JBF: What are the pitfalls, if any, of going out in the world as American chefs? Are you ever self-conscious about American food culture?

MS: My experiences have been mostly joyful, because people want to share what they eat every day with me. By my showing an interest in what they are doing, it seems like it just opens doors.

TDJ: I think that, for better or worse, there’s a great curiosity about what we do in the United States. Being able to have that conversation and express interest in other cultures in what they are doing as far as food goes is a great opportunity to not only share what we do, but to see and express to them that we care about what’s going on everywhere else in the world, as well.

JBF: What about your role as women chefs? Does that open doors or close them?

MS: Gosh. You know I don’t know how many it’s closed, but certainly the kind of food I’m most interested in, which is the food that real people are cooking, those doors probably open much more freely because I’m a woman. Maybe the three-star Michelin restaurants, where there’s more of a patriarchy, maybe I haven’t had as much access to those. Come to think of it, maybe that’s why I’m not as interested in fancy food…

TDJ: You know, traditionally, in almost every culture, the women are really the cooks. And even though we see the men in white coats as the chefs, I think the real opportunity to understand food culture is through women in kitchens. If you find the women who are cooking, you can really understand what the food culture is about.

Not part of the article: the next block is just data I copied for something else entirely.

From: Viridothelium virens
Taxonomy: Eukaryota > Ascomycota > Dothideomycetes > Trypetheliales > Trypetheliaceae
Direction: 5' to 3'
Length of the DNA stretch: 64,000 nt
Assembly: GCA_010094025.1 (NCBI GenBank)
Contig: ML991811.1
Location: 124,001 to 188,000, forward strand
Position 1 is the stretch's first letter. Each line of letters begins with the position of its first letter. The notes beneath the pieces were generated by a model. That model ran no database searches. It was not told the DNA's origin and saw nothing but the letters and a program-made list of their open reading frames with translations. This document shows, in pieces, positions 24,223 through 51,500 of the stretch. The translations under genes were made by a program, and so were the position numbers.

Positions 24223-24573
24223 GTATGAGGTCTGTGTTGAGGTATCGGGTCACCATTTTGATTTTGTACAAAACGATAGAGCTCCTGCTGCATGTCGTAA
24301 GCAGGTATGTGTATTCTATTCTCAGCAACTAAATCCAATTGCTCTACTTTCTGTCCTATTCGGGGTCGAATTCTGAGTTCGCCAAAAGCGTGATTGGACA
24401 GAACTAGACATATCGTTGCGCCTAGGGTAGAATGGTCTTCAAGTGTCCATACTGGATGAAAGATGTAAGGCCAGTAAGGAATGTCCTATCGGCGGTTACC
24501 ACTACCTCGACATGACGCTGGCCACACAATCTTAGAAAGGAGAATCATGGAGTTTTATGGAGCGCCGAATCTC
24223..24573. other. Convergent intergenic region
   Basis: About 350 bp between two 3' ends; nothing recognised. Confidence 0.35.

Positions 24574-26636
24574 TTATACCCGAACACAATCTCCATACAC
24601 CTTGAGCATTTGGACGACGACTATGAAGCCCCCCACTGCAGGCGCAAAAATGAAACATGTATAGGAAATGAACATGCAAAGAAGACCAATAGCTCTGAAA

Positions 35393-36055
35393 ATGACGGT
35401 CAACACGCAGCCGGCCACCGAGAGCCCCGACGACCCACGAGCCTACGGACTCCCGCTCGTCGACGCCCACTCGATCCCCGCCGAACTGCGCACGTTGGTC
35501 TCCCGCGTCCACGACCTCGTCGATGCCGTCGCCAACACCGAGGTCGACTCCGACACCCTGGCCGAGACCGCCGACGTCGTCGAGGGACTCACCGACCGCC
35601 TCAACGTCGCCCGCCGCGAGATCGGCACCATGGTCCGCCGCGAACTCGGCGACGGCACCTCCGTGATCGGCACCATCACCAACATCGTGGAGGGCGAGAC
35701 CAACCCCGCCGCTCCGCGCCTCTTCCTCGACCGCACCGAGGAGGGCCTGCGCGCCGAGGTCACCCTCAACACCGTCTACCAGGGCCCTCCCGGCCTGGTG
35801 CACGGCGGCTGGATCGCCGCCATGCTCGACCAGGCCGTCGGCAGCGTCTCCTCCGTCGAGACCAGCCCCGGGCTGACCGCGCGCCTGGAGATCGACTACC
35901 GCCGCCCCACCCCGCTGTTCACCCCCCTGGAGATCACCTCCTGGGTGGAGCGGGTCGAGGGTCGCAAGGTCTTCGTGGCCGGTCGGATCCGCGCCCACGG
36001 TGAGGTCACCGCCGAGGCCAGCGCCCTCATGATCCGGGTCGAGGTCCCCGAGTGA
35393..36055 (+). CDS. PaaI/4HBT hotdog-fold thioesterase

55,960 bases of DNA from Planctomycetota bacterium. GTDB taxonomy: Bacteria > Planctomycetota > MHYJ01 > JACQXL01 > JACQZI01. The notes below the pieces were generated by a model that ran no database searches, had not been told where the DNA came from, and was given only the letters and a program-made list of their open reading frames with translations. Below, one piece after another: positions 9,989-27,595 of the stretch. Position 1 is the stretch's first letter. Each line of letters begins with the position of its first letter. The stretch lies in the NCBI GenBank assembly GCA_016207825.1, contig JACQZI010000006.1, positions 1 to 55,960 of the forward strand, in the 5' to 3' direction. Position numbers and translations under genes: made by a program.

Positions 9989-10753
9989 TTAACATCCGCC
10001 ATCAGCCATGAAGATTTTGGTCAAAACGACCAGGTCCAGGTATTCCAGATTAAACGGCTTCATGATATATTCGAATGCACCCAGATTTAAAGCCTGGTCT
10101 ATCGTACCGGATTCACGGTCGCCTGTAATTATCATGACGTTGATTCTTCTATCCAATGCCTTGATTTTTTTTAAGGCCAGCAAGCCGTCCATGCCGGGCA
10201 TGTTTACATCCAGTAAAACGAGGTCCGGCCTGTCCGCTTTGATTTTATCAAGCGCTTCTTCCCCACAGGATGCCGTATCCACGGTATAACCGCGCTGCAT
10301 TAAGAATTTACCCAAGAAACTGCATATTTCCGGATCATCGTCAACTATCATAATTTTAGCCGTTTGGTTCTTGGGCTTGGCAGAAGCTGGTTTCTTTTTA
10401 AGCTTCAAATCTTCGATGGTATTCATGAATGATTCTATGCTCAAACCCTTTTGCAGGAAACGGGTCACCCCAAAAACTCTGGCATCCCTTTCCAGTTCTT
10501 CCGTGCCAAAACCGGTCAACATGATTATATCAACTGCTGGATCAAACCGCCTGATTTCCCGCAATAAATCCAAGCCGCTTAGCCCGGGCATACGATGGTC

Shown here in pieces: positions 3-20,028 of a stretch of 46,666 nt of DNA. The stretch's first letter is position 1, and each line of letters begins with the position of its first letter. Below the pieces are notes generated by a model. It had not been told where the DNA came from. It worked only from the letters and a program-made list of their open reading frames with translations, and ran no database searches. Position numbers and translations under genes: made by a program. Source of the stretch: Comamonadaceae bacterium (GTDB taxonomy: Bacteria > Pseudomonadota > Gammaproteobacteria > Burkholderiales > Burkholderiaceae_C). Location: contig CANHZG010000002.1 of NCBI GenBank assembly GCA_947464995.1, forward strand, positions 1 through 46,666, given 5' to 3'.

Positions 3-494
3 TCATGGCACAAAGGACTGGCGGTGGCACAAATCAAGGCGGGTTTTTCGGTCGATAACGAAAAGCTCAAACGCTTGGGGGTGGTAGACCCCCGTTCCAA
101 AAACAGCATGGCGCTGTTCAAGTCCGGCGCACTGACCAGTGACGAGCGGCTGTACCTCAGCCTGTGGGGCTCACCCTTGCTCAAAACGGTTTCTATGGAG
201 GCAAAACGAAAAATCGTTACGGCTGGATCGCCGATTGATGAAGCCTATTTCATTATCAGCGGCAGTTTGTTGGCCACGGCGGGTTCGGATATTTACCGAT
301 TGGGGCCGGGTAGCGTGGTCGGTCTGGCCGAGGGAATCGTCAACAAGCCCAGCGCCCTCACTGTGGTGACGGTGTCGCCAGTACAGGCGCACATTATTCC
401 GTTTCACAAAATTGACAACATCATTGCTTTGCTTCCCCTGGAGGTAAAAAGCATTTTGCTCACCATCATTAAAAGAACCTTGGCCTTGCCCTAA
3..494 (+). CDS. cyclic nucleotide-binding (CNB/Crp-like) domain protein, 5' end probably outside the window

JBF: You are not only both successful chefs, but you also both own your own restaurants—entrepreneurship is part of what you are here to talk about.  

TDJ: I’ve learned with my work through La Cocina in San Francisco that we can make dreams come true. These women come from countries from around the world with aspirations around a food business. And those dreams can come true no matter where you are from.

MS: I think it is important for us to act as role models wherever we go. Sometimes all it takes for a young girl is to get to know an accomplished woman, being her own boss and succeeding in a relatable business.  

JBF: You’re both very familiar with Mexico and Mexican cuisine. What is there specifically for Americans to learn here about food? What is there for Americans to teach?

MS: The first thing that comes to mind is toasting. For example, you toast rice before you add the broth. You toast chiles. You toast bread. You toast tortillas. There’s a roasty-toasty kind of thing that just goes throughout the entire cuisine. All the nuts are toasted, all the seeds, everything. It amplifies flavors and it’s something I’m thankful I learned early on from my travels here.